Ford Puts Graphene Under the Hood in Mustangs, F-150s

The automaker collaborated with Eagle Industries and XG Sciences to use small amounts in fuel rail covers, pump covers and front engine covers.

Yesterday, we celebrated National Nanotechnology Day. It's a real thing, had a hashtag and everything: #NationalNanoDay. The date 10/9 is actually significant, as the National Nanotechnology Initiative chose it because it pays homage to the nanometer scale 10-9 meters power, or one billionth of a meter.

MIT made an elevator button, but nobody shrank — not even a timely cut to Innerspace. The Molecular Foundry made a mascot for kids, Nancy Nano, which looks like an animated STD, and Ford used the occasion to announce that for the first time in company history, it is using graphene under the hood.

Ford collaborated with Eagle Industries and XG Sciences to find a way to use small amounts, less than a half percent, of graphene in fuel rail covers, pump covers and front engine covers. While it's not cost-effective to use it in all applications, it is a very thin and flexible material that can provide a sound barrier and help make the parts lighter but more durable.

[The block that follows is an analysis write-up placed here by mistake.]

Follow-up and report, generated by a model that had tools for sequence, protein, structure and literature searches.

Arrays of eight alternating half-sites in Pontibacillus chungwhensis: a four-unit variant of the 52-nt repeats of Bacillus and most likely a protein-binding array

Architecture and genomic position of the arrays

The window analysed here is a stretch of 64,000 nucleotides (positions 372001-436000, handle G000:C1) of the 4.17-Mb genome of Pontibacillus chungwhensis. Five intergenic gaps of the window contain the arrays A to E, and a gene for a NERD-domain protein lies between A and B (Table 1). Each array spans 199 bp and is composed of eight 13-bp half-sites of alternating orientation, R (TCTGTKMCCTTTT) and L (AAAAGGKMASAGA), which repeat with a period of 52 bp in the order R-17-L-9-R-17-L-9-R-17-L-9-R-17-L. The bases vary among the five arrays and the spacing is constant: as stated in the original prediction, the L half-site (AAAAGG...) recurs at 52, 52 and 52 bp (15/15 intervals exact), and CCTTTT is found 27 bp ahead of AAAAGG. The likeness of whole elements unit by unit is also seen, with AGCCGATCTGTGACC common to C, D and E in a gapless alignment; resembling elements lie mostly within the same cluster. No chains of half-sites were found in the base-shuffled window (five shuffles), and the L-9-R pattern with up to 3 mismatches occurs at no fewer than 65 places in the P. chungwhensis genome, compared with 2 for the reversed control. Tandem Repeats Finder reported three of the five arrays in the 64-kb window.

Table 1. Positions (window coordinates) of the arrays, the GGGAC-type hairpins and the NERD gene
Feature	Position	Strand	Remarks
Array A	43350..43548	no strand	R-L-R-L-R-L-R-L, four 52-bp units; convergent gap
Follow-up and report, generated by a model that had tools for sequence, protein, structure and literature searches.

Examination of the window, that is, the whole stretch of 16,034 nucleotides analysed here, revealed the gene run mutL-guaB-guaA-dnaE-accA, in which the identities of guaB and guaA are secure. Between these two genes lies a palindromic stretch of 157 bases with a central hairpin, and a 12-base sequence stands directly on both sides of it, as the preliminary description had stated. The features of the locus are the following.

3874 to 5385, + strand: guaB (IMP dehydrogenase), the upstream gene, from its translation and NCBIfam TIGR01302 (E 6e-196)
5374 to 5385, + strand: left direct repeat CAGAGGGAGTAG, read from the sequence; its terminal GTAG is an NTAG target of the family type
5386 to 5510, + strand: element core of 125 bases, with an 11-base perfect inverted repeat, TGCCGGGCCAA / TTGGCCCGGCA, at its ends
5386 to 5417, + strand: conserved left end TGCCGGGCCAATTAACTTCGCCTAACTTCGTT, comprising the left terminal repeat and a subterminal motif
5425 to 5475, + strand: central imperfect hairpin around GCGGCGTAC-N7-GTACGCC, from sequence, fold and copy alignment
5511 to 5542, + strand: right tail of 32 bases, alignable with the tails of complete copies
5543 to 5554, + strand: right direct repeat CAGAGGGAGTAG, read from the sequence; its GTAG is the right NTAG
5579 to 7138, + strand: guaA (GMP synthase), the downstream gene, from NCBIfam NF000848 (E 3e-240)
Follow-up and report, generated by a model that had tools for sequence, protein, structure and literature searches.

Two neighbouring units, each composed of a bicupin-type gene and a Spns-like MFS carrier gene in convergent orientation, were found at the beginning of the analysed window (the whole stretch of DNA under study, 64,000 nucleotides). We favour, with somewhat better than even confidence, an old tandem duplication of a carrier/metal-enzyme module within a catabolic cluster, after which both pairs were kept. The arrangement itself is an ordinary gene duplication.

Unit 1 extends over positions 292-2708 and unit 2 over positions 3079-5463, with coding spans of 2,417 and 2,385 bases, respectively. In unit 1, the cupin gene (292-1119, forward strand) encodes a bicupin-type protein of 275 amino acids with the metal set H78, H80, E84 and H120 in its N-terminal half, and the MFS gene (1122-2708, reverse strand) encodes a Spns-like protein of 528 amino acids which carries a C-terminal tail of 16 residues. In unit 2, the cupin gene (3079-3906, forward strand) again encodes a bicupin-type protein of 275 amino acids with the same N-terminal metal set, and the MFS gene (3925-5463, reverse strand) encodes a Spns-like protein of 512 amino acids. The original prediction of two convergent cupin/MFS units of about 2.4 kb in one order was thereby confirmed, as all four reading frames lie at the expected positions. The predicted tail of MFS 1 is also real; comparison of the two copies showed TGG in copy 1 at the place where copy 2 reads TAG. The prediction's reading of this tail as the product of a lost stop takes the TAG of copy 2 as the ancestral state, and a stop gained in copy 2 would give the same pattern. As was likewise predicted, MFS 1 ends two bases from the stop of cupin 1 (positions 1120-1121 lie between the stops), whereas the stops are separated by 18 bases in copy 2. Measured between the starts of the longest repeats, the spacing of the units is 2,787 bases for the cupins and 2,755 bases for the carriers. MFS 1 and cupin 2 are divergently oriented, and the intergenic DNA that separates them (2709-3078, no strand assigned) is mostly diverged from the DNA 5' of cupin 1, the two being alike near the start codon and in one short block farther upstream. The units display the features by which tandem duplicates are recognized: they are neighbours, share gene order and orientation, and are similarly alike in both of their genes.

Noise reduction is particularly attractive, as attempts to reduce cabin noise in the vehicle usually means adding material and weight. When engineers mixed the graphene with foam, tests showed a 17 percent reduction in noise, a 20 percent improvement in mechanical properties and a 30 percent improvement in heat endurance properties.

Engineers have called it a "miracle material" because it is 200 times stronger than steel and extremely conductive. The material stands to play a significant role in the automotive industry, particularly in paint, polymer and battery applications.

By the end of 2018, graphene will go into production on more than 10 components under the hood on the Ford F-150 and Mustang. According to the company, the tech will eventually be rolled out on other Ford vehicles.

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